|Under the interim controls, the prohibition on overshadowing applied only to the north bank of the Yarra, the Shrine of Remembrance, Federation Square, City Square and the State Library Forecourt. The number of locations has been increased under Amendment 270.|
Similarly, the relevant time period under which the interim controls prohibited buildings casting additional shadow was generally smaller.
|Height||Preferred street wall height should not exceed 20 metres.|
This can be modified to 40 metres if necessary to be consistent with surrounding street wall heights or 80 metres on street corners or fronting some public spaces.
|The interim controls restricted ‘podium heights’ to 40 metres.|
If the building exceeds 80 metres, a minimum side and rear setback of 6 percent of towers height is required.
|The Upper level street setback under the interim controls was the same as it is in Amendment C270 (minimum of five metres).|
The interim controls did not distinguish between side and rear boundaries. For buildings up to or equal to 100 metres, a minimum tower setback of five metres from all boundaries or from the centre of the laneway above the podium was required.
For buildings above 100 metres, a minimum tower setback from all boundaries and from the centre of the laneway above the podium of five percent of the overall building height was required.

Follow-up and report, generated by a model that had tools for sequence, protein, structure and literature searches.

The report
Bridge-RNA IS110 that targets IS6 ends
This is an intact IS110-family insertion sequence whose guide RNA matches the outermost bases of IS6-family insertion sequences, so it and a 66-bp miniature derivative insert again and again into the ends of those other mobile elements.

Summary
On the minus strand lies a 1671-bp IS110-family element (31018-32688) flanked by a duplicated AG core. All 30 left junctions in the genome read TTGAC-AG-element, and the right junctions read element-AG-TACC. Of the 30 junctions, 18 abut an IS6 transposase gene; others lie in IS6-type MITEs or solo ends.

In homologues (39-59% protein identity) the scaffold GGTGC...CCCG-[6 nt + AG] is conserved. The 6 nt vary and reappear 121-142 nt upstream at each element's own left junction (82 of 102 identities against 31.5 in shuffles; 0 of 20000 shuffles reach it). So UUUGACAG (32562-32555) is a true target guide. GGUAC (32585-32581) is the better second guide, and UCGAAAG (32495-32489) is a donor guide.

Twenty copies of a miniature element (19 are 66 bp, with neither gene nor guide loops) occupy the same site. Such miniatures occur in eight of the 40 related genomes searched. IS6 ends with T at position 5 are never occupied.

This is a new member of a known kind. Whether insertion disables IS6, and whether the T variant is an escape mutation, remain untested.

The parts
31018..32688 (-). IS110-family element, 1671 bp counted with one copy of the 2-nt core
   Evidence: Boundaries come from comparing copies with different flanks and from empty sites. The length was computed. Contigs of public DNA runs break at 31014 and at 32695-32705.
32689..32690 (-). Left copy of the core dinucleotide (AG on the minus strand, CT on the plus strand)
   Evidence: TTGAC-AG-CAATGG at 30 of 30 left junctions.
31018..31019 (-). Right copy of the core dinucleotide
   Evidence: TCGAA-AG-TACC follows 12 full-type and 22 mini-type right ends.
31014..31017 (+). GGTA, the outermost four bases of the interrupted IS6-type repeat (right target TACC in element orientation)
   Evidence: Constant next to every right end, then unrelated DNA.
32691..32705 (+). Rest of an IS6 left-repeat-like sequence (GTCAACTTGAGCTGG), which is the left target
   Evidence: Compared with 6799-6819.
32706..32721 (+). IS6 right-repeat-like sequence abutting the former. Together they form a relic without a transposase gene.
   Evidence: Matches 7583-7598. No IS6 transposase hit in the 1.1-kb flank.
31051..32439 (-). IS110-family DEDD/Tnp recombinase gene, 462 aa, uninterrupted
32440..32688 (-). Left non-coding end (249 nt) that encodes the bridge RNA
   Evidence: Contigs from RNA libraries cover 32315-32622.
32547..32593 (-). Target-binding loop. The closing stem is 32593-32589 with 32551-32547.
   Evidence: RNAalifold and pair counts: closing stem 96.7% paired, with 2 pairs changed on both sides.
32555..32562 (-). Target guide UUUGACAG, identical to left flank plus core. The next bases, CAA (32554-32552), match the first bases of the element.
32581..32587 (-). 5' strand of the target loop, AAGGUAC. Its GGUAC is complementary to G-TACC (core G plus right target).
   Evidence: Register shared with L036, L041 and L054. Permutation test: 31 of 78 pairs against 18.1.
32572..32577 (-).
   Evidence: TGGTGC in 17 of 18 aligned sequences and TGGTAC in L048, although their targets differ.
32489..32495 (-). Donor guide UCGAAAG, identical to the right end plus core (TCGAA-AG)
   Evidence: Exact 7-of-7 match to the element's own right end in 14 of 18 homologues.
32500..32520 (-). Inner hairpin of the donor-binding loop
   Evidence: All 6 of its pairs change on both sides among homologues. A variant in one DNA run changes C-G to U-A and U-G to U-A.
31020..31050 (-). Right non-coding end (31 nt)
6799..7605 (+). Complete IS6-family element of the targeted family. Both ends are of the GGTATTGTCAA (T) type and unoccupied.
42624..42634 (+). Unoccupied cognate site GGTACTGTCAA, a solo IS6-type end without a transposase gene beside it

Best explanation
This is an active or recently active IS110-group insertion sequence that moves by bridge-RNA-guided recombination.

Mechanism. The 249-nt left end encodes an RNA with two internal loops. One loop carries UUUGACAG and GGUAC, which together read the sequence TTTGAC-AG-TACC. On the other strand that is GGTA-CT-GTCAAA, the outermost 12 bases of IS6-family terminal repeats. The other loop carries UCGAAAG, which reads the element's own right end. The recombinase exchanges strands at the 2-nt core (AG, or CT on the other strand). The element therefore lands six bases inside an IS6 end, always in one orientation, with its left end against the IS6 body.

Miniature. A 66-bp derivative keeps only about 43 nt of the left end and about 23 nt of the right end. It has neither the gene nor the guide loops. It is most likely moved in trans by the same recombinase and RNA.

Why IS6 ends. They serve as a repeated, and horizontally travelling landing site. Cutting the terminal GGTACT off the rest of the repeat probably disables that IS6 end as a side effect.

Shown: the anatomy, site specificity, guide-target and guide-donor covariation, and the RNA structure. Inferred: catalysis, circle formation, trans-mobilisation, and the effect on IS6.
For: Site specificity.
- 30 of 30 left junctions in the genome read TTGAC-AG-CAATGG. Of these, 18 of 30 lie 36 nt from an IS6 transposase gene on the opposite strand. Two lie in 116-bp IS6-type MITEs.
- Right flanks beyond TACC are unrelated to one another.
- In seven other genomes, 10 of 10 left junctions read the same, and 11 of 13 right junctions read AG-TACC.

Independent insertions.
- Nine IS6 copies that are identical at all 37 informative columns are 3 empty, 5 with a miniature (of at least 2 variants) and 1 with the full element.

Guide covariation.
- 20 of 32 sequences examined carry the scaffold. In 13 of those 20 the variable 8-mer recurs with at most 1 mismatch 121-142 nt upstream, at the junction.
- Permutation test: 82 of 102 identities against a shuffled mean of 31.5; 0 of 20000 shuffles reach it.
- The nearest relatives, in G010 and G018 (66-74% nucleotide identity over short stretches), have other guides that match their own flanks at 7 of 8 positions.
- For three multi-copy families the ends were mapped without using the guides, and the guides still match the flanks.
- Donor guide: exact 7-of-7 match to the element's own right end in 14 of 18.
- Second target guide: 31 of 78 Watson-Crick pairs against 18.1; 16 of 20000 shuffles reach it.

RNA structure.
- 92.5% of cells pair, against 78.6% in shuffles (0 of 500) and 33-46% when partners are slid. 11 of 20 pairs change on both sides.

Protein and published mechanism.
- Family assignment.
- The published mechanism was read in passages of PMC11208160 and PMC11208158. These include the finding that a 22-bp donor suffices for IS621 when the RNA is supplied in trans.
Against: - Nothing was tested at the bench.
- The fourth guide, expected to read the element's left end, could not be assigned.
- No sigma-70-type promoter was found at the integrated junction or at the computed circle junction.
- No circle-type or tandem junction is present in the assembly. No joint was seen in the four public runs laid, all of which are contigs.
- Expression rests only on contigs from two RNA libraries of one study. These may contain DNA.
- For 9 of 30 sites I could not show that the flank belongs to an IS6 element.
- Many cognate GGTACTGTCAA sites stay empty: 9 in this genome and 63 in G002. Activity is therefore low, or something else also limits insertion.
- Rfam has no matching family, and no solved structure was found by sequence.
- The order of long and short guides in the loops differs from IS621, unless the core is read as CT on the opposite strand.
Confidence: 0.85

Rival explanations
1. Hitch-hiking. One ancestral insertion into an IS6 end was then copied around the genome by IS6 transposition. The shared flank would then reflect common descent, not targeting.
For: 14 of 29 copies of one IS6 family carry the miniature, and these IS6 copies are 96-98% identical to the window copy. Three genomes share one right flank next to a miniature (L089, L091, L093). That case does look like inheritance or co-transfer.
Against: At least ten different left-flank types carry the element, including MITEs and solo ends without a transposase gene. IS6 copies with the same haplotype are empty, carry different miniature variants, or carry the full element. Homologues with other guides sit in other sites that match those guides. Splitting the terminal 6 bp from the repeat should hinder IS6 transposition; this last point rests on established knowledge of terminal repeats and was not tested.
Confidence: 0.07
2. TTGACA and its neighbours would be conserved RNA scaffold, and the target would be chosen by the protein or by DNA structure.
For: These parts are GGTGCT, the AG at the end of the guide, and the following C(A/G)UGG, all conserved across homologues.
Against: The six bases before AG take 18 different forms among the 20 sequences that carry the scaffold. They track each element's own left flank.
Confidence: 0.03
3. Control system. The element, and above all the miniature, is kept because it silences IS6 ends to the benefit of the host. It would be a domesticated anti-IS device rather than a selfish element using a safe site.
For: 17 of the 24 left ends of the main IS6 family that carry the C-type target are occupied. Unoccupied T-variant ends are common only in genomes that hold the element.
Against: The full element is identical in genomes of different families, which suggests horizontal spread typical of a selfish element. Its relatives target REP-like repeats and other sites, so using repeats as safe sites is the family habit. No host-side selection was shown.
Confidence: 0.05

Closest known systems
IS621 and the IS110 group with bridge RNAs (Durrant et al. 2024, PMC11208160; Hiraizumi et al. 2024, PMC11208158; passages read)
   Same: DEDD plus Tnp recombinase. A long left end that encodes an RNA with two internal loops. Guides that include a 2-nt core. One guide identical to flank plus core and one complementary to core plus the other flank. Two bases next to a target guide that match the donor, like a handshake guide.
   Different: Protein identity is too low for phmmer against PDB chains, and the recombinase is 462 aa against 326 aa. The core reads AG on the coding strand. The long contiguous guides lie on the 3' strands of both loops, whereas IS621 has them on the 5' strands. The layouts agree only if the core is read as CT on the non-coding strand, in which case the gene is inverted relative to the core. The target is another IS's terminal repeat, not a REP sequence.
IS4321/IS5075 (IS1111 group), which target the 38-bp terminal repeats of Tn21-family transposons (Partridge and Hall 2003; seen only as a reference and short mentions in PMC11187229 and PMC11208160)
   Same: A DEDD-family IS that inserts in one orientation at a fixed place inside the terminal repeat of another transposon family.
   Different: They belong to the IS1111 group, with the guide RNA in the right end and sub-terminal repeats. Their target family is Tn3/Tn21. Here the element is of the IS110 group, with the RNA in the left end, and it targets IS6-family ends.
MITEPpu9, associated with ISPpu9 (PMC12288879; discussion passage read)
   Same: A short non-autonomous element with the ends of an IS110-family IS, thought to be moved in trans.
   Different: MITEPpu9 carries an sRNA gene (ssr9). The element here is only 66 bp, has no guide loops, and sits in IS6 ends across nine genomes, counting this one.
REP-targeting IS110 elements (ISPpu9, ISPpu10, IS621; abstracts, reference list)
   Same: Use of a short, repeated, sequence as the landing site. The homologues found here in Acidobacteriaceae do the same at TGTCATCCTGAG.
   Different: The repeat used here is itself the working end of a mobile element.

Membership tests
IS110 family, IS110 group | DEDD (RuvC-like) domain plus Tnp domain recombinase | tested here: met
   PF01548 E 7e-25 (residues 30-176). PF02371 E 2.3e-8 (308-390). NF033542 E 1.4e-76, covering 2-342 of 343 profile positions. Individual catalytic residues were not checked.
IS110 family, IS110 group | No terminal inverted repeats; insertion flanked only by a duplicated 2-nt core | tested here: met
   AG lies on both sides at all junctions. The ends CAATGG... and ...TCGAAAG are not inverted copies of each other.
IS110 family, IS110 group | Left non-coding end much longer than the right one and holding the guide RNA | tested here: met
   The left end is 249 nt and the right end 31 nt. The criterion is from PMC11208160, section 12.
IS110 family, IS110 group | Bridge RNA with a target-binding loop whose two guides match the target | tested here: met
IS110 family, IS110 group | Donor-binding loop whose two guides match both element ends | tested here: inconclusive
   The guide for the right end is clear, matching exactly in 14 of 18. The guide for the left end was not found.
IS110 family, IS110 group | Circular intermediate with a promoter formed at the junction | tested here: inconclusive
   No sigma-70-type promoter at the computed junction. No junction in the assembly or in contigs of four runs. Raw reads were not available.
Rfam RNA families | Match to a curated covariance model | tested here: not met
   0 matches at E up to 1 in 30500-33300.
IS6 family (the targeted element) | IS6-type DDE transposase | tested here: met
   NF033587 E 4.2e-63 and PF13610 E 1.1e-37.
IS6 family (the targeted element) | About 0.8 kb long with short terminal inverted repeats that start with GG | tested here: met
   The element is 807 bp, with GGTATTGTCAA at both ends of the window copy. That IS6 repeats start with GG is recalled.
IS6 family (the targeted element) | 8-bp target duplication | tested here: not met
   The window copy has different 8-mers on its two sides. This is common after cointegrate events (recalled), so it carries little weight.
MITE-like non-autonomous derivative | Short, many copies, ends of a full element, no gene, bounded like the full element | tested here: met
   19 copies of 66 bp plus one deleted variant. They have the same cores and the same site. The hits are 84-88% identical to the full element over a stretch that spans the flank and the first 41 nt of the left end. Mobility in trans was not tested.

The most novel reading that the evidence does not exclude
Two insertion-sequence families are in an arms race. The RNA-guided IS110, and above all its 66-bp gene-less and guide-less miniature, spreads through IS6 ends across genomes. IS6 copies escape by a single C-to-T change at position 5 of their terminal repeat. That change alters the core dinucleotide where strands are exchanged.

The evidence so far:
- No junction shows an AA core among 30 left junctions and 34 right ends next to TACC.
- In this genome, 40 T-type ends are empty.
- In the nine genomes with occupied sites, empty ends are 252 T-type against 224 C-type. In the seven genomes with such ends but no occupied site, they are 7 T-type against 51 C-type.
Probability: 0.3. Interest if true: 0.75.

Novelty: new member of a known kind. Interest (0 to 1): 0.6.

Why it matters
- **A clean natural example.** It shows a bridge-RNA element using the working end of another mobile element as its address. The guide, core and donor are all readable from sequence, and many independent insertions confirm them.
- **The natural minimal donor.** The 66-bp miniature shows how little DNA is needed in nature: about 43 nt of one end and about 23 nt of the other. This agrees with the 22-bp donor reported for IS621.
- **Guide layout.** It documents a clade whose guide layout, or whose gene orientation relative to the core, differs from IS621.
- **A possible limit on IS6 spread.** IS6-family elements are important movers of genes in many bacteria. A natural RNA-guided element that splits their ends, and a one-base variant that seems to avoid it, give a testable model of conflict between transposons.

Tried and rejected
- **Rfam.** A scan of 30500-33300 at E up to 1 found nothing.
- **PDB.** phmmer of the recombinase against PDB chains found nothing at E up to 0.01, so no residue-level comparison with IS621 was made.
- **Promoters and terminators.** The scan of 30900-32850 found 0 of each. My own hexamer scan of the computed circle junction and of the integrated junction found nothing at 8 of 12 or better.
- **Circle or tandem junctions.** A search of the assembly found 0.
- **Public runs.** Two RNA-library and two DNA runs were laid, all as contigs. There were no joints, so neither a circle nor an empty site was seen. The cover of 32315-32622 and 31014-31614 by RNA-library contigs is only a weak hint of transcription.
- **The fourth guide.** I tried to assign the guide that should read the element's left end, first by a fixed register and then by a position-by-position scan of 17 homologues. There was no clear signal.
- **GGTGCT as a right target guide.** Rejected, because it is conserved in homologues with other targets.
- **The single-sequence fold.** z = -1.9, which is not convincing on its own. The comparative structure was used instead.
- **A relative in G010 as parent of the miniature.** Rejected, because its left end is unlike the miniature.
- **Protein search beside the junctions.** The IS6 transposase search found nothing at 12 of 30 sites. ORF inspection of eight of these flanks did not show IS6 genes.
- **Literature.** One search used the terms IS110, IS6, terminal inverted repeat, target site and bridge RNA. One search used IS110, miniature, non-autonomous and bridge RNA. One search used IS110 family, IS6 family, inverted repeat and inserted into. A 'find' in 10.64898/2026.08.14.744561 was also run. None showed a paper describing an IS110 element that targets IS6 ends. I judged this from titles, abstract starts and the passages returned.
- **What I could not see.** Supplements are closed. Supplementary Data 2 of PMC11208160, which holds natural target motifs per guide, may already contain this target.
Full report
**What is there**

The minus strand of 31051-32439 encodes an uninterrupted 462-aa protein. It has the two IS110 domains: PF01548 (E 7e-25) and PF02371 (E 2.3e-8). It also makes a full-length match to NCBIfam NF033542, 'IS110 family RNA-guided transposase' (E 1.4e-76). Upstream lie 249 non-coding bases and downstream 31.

|Tower separation||A separation distance for multiple towers within a large site of six percent of the combined tower height of the adjacent towers.||As above, under the interim controls, a setback of five percent of the overall building height was required for buildings over 100 metres.|
|Wind effects||In respect of buildings and works with a total building height in excess of 40 metres, a permit:|
in publicly accessible areas within a distance equal to twice the longest width of the building measured for all facades.
An application for a permit for a building with a total building height in excess of 40 metres must be accompanied by a wind analysis report.
|The test under the interim controls was expressed differently to Amendment C270. Under the interim controls, an application for a permit must have been accompanied by a wind analysis report demonstrating the development was designed to be generally acceptable for stationary long term wind exposure and did not rely on street trees for wind protection.|
To view Amendment C270, click here.
The planning controls apply to applications received on or after 23 November 2016.
Society of University Lawyers Conference 2023
Maddocks is a proud platinum sponsor of the Society of University Lawyers Conference 2023.
Round Two: the repeal of the Western Australian Aboriginal Cultural Heritage Act 2021
By Susanne Rakoczy & Jemima Stratton
The second reading speech for the repeal of the Aboriginal Cultural Heritage Act 2021 (WA) was heard before parliament.
Modern Slavery and conducting responsible business in a changing regulatory landscape – what do all developers need to know?
By Sonia Sharma, Chloe Tutt, Colin Yuan & Javvad Jaffry
Modern slavery is a complex global problem and it has been just over 4 years since the landmark Modern Slavery Act